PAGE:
Priests' Houses and Architectures of Ideology in East Polynesia
Author(s): Jennifer Kahn
Most studies of East Polynesia religion focus on the largest monumental sites, those related to the "marae complex". Yet ethnohistoric documents indicate that a wide range of site types had ritual importance, including specialized structures within monumental ritual centers that had diverse functions. Priest houses form one element of the architecture of ideology. Can we identify the houses of full time ritual specialists in the archaeological record of East Polynesian in order to enrich our understanding of religion and social complexity in prehistory? Utilizing ethnohistoric data and archaeological case studies drawn from the Society Islands and the Hawaiian archipelago, I argue that priests’ houses conform to specialized house sites and differ in sometimes dramatic ways from mundane sleeping houses, both in their spatial context and in their suites of artifacts and sub-surface features. I conclude that identifying formalized occupational specialists in the archaeological record adds to our understanding of the integrated nature of ideology and social and economic control as important power bases for socio-ritual elites in complex societies. Such a bottom-up perspective draws on the strengths of household archaeology while allowing for a contextualized approach to identify ritual practitioners and their association with monumental architectures of ideology.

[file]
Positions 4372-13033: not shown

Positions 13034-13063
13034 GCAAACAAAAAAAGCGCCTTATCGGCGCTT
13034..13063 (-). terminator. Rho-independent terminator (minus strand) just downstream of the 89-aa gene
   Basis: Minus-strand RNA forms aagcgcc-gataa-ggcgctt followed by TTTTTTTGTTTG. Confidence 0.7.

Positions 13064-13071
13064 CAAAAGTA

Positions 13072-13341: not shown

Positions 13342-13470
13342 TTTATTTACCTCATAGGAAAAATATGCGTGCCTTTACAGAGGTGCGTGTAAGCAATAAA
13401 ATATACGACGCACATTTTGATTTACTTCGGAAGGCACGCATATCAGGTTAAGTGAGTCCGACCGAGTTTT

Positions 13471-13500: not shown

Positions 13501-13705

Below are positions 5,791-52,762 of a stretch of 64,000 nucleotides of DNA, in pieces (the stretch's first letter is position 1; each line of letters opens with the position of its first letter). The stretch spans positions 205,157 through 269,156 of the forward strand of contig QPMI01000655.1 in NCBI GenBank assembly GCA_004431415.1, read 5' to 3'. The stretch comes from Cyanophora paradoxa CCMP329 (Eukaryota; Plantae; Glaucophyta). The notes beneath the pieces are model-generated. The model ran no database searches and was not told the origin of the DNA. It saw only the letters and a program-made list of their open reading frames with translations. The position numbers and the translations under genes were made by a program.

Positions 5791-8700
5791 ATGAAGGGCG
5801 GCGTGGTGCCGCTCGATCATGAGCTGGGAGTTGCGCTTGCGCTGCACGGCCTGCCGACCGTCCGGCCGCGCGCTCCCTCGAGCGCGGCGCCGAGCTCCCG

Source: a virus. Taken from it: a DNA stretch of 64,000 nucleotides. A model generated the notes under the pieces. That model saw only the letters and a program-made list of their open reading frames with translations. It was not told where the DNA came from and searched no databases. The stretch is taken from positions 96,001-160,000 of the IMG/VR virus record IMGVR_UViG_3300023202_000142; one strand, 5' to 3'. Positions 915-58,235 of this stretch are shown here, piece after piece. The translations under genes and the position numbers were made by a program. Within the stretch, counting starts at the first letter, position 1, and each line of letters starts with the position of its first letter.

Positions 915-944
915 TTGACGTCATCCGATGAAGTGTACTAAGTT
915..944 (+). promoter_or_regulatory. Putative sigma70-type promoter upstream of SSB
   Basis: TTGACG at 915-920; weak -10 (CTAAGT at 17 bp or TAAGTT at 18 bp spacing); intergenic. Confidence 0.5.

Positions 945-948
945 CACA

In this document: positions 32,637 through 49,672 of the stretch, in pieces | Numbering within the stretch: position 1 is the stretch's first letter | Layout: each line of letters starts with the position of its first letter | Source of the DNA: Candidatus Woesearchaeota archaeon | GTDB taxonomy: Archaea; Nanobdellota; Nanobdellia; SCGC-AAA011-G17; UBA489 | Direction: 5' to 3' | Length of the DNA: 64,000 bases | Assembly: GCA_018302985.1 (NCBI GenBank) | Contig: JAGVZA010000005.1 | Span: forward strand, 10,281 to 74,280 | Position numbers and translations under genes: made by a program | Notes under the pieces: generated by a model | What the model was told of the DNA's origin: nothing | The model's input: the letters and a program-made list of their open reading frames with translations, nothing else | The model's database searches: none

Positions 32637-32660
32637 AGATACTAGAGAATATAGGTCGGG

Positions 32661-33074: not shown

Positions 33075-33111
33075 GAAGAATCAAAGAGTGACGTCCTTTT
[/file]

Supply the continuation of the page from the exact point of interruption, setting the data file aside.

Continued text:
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Priests' Houses and Architectures of Ideology in East Polynesia. Jennifer Kahn. Presented at The 80th Annual Meeting of the Society for American Archaeology, San Francisco, California. 2015 ( tDAR id: 396759)
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min long: 111.973; min lat: -52.052 ; max long: -87.715; max lat: 53.331 ;